What's the Difference Between Useful and Destructive Stress? We Asked an Expert
Dealing with stress is no fun, but that doesn't mean that it doesn't serve a very important purpose.
In fact, in small doses, it's incredibly useful, and it's only when it builds up that it takes on the negative form you probably think of when you hear the word "stress." We were eager to learn more, so we reached out to clinical psychologist and stress expert Dr. Camila Williams to enlighten us. Here's what she had to say.
Sweety High: How would you define stress?
Camila Williams: It's a physical response in the body. Your cortisol hormone increases, and your whole body gears up to take action. Something is going on in your environment, and your body is basically telling you to be on alert and to pay attention to what's happening around you right now.
SH: People usually think of stress as a bad thing. Why isn't that always the case?
CW: If you think about it, stress is a protective response. It's gearing your body up to take action and stay focused when things aren't necessarily going the way they're supposed to be. It actually helps you be on alert and helps motivate you, giving that extra burst of energy to do something.
In small doses, it's actually a really good thing. If you have an argument with your friend, that can be stressful, so you're on alert, and you're looking at how you can fix it, and make things better. What can you do, and what can you say? That can be helpful. But if you're doing that all the time, every day, that's when stress becomes a problem, because it can start to wear your body down.
SH: What would a life without stress look like?
CW: I think that not as many amazing things would get done. Stress pushes us out of our comfort zones and challenges us to try things that we otherwise wouldn't do. That's how we get a lot of wonderful new adventures, and inventions, and accomplishments. It's always good to have that little extra push. When it came to studying for an exam, if you didn't stress out at all, you wouldn't have the motivation to bunker down and study hard. A little bit of stress tells you that you should probably read that chapter, or that you should probably do some flashcards. It keeps you up to speed and helps you perform better.
SH: How can we tell when stress is pushing into unhealthy territory?
CW: If stress goes up, your performance goes up, because it pushes your action, but at some point that productivity plateaus, and then eventually starts decreasing the more stressed out you get. The signs that stress is getting in the way is when you find yourself getting stuck in cycles of procrastination and avoiding. If you're so stressed about a test that you don't even want to look at the books, so you never take them out of your backpack—that's a sign there's too much stress going on.
With relationships, maybe you're constantly worrying about what they're thinking and saying about you, and it causes you so much stress that you avoid interacting with them or bringing up the topic you're having issues with. If you find yourself procrastinating, avoiding or getting stuck, those are the surefire signs that the stress has become too much.
SH: What are some of the best ways to deal with different types of stress?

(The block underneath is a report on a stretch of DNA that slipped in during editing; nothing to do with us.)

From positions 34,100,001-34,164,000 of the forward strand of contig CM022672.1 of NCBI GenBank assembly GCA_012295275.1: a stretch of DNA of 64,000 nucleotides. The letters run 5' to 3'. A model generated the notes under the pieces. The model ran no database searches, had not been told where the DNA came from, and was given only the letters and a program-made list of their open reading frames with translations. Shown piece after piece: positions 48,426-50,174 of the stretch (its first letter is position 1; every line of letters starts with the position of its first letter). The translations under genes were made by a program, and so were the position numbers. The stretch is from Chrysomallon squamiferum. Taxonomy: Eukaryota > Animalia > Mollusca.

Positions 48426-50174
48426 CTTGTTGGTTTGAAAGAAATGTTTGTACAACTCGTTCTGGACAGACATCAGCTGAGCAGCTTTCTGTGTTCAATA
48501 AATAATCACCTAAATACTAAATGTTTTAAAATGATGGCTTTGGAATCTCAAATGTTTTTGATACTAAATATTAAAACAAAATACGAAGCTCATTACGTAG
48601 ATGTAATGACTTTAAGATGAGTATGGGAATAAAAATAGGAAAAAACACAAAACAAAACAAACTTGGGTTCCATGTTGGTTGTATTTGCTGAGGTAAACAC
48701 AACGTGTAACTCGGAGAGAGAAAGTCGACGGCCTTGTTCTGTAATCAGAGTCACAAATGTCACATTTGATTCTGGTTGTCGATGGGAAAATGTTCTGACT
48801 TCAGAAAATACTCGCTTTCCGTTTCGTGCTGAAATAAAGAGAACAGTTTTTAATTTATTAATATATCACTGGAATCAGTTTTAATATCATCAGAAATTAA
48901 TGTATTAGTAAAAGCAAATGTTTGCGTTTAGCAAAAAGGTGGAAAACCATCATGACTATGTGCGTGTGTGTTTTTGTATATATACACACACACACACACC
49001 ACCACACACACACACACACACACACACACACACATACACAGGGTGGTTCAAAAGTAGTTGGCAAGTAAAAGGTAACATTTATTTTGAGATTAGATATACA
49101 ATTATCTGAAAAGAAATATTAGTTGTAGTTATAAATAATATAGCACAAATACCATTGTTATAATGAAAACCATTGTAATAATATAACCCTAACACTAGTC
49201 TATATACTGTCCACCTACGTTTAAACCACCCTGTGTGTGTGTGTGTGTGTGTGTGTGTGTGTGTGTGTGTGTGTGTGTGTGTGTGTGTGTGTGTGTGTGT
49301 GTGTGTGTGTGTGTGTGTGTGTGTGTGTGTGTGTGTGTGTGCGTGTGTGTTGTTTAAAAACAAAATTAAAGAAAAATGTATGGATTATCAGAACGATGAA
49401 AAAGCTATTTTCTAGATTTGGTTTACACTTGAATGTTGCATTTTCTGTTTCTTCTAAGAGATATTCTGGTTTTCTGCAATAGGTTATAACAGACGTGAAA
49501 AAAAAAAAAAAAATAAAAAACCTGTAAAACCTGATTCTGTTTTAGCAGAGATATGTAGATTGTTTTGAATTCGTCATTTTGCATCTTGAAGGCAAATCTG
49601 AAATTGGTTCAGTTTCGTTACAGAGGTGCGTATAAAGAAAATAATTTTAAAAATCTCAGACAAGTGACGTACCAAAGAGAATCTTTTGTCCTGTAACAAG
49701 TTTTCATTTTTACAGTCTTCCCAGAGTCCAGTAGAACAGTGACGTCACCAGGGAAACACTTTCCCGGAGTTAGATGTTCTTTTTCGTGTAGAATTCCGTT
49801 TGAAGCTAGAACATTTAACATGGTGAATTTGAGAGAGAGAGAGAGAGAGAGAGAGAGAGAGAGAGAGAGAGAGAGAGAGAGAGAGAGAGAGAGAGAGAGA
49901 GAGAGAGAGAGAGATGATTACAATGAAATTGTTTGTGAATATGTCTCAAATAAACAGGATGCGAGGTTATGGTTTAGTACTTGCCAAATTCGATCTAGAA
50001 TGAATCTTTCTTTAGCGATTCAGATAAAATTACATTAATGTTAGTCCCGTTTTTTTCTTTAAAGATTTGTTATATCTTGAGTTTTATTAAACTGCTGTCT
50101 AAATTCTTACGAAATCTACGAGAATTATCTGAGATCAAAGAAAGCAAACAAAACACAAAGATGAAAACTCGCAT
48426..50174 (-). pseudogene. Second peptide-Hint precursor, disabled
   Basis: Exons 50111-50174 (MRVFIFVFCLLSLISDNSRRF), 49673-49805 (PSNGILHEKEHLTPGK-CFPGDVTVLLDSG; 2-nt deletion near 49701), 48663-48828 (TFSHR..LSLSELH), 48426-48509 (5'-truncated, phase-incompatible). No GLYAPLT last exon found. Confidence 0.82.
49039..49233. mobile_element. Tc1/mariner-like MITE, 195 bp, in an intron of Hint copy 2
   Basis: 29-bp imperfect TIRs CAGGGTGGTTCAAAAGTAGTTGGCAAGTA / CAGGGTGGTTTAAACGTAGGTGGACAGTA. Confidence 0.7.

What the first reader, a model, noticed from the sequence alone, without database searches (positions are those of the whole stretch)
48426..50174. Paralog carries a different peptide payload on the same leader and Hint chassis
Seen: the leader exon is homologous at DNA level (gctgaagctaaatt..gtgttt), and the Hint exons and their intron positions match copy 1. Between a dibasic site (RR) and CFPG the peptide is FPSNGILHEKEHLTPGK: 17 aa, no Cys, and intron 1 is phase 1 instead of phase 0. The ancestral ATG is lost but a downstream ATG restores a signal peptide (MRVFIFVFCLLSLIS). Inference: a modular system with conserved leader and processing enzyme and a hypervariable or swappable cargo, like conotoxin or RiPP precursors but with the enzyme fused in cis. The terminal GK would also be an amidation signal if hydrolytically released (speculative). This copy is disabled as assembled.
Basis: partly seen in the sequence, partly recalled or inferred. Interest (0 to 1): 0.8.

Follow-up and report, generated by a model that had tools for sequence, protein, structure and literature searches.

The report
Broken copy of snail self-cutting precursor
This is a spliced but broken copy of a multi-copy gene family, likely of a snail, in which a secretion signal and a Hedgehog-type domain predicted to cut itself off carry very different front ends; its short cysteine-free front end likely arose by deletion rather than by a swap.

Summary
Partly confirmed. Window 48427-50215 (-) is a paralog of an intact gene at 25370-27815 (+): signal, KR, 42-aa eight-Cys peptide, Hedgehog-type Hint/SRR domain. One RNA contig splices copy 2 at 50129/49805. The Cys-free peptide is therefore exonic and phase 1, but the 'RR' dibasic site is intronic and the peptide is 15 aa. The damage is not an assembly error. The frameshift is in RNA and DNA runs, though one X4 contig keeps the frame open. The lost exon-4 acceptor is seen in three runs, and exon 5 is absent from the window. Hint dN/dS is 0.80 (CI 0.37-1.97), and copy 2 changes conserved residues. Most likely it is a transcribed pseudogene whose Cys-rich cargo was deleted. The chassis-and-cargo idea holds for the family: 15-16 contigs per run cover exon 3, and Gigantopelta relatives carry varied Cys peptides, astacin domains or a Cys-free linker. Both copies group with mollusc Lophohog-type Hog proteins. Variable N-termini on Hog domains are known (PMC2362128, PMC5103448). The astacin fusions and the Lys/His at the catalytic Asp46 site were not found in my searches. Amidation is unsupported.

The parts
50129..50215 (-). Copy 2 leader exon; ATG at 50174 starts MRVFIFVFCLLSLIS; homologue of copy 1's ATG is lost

CW: When someone is stressed, a lot of people will recommend rest, and taking some time off, and getting a mani-pedi or massage. But when you're stressed, you need to recognize what type of stress you're experiencing. How you cope with it makes a difference.
If you're really stressed about a group project, where there are lots of moving pieces with different people responsible for different parts, and you have no control over what they're doing or not doing, the last thing you probably want to do is spend more time with people. What you need in that moment is what we call autonomy, or alone time away from people, and interactions, and dealing with the stresses that come with it.
On the other hand, if you're stressed about a test coming up and you're wondering what they'll be asking, the last thing you need is alone time, because that's just more time for your brain to run wild. You need to spend time with friends and family and get your mind off it. Different stresses require different coping mechanisms. If you're stressing out because your brain is worrying about the future or ruminating on the past, being mindful and centered in the moment is another really good skill to help.
Some people need an outlet for creativity, whether that's painting or drawing or writing. Some people need to exercise and physically work that energy out of their bodies by going for a walk or a run or playing basketball. There are a lot of ways to focus stress. Once you're able to pick up on the feeling that you're burnt out, and you're being avoidant and procrastinating, you need to step back and figure out which one of those categories will work for you in terms of stress relief.
And dealing with stress isn't just about occasionally treating yourself to a manicure. That's better than nothing, but it's not very helpful. Instead, you need to think about what you can do every single day. The dentist doesn't tell you to brush once a week to avoid cavities. You need to brush twice a day, every day, and it's the same with stress. If you really are struggling with stress, doing one thing once or twice a week is better than nothing, but it's not going to make much of a dent. It's really good to get in the habit of doing daily stress relief practices. Maybe you take time to paint, or meditate, or go for a walk. That's going to do more for your stress than scheduling an activity once a week.
Want to learn more about how mindfulness might help you cope with stress? Click HERE to read more about what Dr. Williams had to say on the topics.